FIGS. 5 and 6 are sectional views similar to FIG. 2 illustrating the emitter in the flow restricting or operational position and in the flush position, respectively.
FIG. 7 is a plot showing flow rate through the emitter versus pressure.
FIG. 1 shows a drip irrigation emitter 11 which includes a housing 13 having an inlet 15, an outlet 17 (FIG. 2) and an interior chamber 18. Although various constructions are possible, in this embodiment the housing 13 includes housing sections 19 and 21, each of which is molded from a suitable polymeric material such as polypropylene. Thus, each of the housing sections 19 and 21 is of integral, one-piece construction.
The housing section 19 includes an end wall 23, a stem 25 projecting from a central region of the end wall and a barb 27. The housing section 19 also has a standpipe or boss 29 coaxial with the stem 25 and projecting into the chamber 18 of the housing 13. The boss 29 terminates in an annular valve seat 31. An inlet passage 33 extends from the inlet 15 through the stem 25 and the boss 29 and terminates at the valve seat 31.
Although various constructions are possible, the barb 27 terminates in an end wall 35 and the inlet 15 is in the form of a plurality of apertures in the side or periphery of the barb 27 and the apertures face radially outwardly of the inlet passage 33. The barb 27 can be forced through an opening 37 in the wall of an irrigation conduit 39 which carries an irrigation liquid. If desired, the barb 27 may terminate in a sharp annular ridge 41 which can be used to punch the barb through the wall of the conduit 39 to form the opening 37 in which event the conduit 39 forms a collar 42 around a portion of the stem 25. A shoulder 43 on the barb keeps the barb 27 from being withdrawn back through the opening 37.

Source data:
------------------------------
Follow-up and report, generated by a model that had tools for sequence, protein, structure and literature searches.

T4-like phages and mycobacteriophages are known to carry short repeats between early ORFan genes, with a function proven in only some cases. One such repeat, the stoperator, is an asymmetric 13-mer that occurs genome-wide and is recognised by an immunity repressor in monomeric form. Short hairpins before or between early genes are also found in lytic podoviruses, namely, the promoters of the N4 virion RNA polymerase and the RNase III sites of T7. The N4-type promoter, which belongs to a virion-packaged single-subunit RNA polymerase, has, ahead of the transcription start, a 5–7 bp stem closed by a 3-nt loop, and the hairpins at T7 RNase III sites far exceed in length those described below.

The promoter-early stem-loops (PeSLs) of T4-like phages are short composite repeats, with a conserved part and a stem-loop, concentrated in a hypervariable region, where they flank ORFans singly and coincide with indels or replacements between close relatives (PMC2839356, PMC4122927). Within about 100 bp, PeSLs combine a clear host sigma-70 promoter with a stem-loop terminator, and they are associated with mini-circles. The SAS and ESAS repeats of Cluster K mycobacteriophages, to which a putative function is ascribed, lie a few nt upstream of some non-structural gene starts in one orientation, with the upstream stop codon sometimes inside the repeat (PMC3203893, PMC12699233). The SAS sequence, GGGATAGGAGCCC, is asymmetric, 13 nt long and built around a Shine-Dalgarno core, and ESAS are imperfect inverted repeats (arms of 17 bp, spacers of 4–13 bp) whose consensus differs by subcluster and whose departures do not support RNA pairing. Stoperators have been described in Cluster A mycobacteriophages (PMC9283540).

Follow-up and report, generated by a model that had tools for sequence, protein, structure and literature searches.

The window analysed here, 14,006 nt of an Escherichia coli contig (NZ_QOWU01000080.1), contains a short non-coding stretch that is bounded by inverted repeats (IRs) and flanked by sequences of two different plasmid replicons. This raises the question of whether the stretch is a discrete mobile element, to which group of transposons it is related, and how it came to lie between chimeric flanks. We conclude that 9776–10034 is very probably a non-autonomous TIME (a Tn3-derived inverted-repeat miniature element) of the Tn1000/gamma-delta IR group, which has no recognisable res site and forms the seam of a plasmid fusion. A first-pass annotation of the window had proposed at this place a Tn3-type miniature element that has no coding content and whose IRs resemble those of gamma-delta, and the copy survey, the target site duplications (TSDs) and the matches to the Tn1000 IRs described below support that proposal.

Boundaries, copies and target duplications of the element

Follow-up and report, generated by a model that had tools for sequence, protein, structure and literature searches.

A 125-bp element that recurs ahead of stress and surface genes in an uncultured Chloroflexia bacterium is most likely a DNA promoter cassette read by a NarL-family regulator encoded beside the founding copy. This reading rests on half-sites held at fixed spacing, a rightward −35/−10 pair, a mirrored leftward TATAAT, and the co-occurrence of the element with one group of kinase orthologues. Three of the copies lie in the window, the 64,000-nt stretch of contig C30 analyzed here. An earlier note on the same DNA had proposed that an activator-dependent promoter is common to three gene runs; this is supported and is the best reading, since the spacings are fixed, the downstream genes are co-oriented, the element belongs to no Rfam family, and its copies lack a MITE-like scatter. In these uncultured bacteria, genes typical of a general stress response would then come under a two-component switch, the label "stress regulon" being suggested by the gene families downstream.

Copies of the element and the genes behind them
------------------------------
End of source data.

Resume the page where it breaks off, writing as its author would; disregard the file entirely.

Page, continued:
The stem 25 is of sufficient length to allow insertion of the barb 27. Preferably, the end wall 23, the stem 25, the barb 27, the boss 29 and the inlet passage 33 are all coaxial. Radially extending ribs 45 are provided on the inner face of the end wall 23 to strengthen the end wall.
The housing section 21 includes a peripheral wall 47, an end wall 49, a projection 51 and an outlet passage 53 coaxial with the inlet passage 33 leading from the chamber 18 of the housing 13 to the outlet 17. The end wall 49 has an open sided flow channel 55 (FIGS. 2 and 3) which leads to the outlet 17 via the outlet passage 53. The flow channel 55 includes a tortuous section 57 and a groove 59 in the end wall 49. The tortuous section 57 is defined by a series of circumferentially spaced outer ribs 61 which project radially inwardly and a series of circumferentially spaced inner ribs 63 which project radially outwardly from an annular wall 65 which is coaxial with the outlet passage 53. Although various different patterns may be employed, in this embodiment each of the ribs 63 is equally spaced circumferentially from an adjacent pair of the ribs 61 and each of the ribs 61 and 63 terminates at substantially the same radial distance from the axis or center of the housing 13.